Wednesday, November 4, 2009

Reviews: The Daily What The...?

By Steven Heller in his "Daily Heller"
I thought I was obsessed with the evils of fascism and the ways the Nazis and Italian Fascists used graphic design to manipulate hearts and minds. But thanks to my powerful web browser, MirkoIlicoogle, I am now aware of someone--or something--even more fanatical. At first The Daily Hitler may seem like a tasteless joke or worse, but in fact, its webmaster says, the blog is dedicated to "Exploring Hitler, the Nazi phenomenon & related subjects in pop culture." That's certainly what I've done in a few of my books on the swastika and totalitarian graphics, among them. The bloggist goes on to say "This blog is not political or even moral, it serves only as a source for your daily Hitler. If we didn't do it, someone else would." While a questionable justification, there are indeed some posts on this blog that are worth reading and cannot be found elsewhere, such as the news story from September 3: "Secret Swastika: Idaho Courthouse Won't Remove Old Swastika Tiles." There are some rare artifacts as well, like a Miguel Covarrubias caricature (above). However, I do take issue with the August 25 item: "The Clucking of Morons," a critique of a critique of the Castle Wolfsenstein game, which attacks the critic for stating that the game by Activision glorifies the Nazis. Frankly, it does. Nonetheless, the specter of a Daily Hitler blog is at once revolting and fascinating, like the proverbial train wreck. For anyone who is concerned with the power of images, and especially, this genre of images, the blog is worth scanning (at least once).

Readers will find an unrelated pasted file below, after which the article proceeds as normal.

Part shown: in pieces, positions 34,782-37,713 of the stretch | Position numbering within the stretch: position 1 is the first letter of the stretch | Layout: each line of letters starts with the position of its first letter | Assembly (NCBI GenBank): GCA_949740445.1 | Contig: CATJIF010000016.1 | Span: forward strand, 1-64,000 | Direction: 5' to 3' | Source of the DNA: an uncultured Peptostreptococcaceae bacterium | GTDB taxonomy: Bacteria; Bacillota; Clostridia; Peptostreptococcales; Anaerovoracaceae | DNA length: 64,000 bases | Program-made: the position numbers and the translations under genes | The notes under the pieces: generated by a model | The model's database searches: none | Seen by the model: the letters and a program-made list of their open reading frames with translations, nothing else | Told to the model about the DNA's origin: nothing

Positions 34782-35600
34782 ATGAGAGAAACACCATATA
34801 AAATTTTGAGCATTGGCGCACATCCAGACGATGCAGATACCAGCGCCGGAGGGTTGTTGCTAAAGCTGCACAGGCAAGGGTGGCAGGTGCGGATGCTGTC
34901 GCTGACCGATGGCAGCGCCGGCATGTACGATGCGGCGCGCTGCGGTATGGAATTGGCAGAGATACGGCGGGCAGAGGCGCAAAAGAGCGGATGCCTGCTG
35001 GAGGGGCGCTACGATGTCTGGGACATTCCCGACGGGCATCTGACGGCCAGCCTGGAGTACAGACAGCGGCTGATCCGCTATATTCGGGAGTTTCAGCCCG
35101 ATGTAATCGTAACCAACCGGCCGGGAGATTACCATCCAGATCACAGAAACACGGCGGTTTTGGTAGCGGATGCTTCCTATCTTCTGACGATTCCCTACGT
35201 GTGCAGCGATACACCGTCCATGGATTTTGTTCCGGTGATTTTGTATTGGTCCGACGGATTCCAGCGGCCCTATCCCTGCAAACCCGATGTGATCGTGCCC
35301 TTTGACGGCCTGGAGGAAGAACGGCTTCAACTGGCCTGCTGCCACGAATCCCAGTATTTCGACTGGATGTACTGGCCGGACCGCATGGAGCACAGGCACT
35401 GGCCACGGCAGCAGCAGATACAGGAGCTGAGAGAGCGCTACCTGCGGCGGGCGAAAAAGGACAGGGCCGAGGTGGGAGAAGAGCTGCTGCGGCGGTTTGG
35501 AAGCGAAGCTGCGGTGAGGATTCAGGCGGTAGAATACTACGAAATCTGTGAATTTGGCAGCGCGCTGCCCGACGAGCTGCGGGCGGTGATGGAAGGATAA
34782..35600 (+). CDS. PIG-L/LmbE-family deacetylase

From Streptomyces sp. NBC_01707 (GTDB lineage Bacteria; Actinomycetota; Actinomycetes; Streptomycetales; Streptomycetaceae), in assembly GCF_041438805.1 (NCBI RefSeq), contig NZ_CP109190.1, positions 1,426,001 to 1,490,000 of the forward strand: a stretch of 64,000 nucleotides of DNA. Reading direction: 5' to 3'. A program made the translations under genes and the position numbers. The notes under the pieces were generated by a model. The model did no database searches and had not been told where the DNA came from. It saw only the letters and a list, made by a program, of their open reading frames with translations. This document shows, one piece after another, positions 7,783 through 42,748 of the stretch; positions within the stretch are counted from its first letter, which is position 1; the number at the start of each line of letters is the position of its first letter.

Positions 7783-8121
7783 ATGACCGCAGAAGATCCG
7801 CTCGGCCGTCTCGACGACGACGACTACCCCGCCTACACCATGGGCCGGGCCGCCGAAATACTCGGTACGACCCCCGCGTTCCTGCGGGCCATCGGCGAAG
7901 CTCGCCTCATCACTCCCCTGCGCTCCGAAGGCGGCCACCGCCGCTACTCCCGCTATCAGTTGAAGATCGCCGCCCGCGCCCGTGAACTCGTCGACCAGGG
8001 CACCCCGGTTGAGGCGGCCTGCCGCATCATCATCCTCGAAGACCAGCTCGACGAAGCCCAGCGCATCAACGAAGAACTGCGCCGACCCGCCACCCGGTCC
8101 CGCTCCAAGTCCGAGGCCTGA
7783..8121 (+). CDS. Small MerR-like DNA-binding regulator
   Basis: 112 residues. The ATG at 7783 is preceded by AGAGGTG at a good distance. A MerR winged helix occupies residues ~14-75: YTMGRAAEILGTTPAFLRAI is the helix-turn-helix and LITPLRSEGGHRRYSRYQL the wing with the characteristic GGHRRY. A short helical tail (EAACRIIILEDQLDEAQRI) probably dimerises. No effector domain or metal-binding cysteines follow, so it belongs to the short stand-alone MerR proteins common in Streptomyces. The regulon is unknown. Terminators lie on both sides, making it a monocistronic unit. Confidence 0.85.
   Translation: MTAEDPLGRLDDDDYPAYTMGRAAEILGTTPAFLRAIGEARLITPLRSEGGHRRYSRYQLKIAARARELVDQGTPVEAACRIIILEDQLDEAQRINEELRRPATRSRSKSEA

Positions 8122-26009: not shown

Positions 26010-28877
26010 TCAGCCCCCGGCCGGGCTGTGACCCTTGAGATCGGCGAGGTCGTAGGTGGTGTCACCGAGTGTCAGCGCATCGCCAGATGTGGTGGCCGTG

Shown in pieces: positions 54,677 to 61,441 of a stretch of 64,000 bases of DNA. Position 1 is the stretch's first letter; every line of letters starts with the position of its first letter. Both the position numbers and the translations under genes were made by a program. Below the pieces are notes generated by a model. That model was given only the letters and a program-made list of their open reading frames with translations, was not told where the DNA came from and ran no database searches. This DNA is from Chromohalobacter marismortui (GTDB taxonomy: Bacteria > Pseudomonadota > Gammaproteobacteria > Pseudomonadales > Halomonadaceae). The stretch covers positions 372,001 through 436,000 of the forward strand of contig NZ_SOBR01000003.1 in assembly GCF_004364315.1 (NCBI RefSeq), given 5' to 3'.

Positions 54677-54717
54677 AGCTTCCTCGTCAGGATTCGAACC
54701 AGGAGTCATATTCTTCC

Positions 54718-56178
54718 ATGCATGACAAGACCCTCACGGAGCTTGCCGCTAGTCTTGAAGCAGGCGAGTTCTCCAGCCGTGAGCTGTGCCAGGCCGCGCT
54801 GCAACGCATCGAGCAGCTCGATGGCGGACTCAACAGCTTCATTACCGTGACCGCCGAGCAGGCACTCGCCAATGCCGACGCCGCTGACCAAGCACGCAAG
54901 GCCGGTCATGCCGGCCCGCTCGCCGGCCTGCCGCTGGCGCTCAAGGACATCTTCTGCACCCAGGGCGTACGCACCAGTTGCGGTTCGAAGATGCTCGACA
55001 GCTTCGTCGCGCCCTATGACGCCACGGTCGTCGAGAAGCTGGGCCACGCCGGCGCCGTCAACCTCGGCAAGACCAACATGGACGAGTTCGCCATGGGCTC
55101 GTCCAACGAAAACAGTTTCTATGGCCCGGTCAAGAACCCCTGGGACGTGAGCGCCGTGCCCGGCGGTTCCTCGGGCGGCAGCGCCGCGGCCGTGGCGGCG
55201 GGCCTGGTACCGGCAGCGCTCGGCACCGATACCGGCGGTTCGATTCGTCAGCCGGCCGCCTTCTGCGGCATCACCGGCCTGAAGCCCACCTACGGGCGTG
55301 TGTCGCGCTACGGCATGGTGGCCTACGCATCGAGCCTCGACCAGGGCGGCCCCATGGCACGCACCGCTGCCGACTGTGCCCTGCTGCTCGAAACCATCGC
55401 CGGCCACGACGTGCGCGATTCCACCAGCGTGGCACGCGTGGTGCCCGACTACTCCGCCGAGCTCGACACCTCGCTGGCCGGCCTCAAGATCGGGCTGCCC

Steven Heller is the cofounder and the cochair of the MFA Designer as Author program at the School of Visual Arts. He writes the Visuals column for the New York Times Book Review and the Graphic Content blog for T-Style; is editor of AIGA Voice; and is a contributor to Design Observer. He is the author, coauthor, and/or editor of more than 120 books on design and popular culture, including the forthcoming New Ornamental Type (Thames and Hudson). More information can be found at Heller's homepage.

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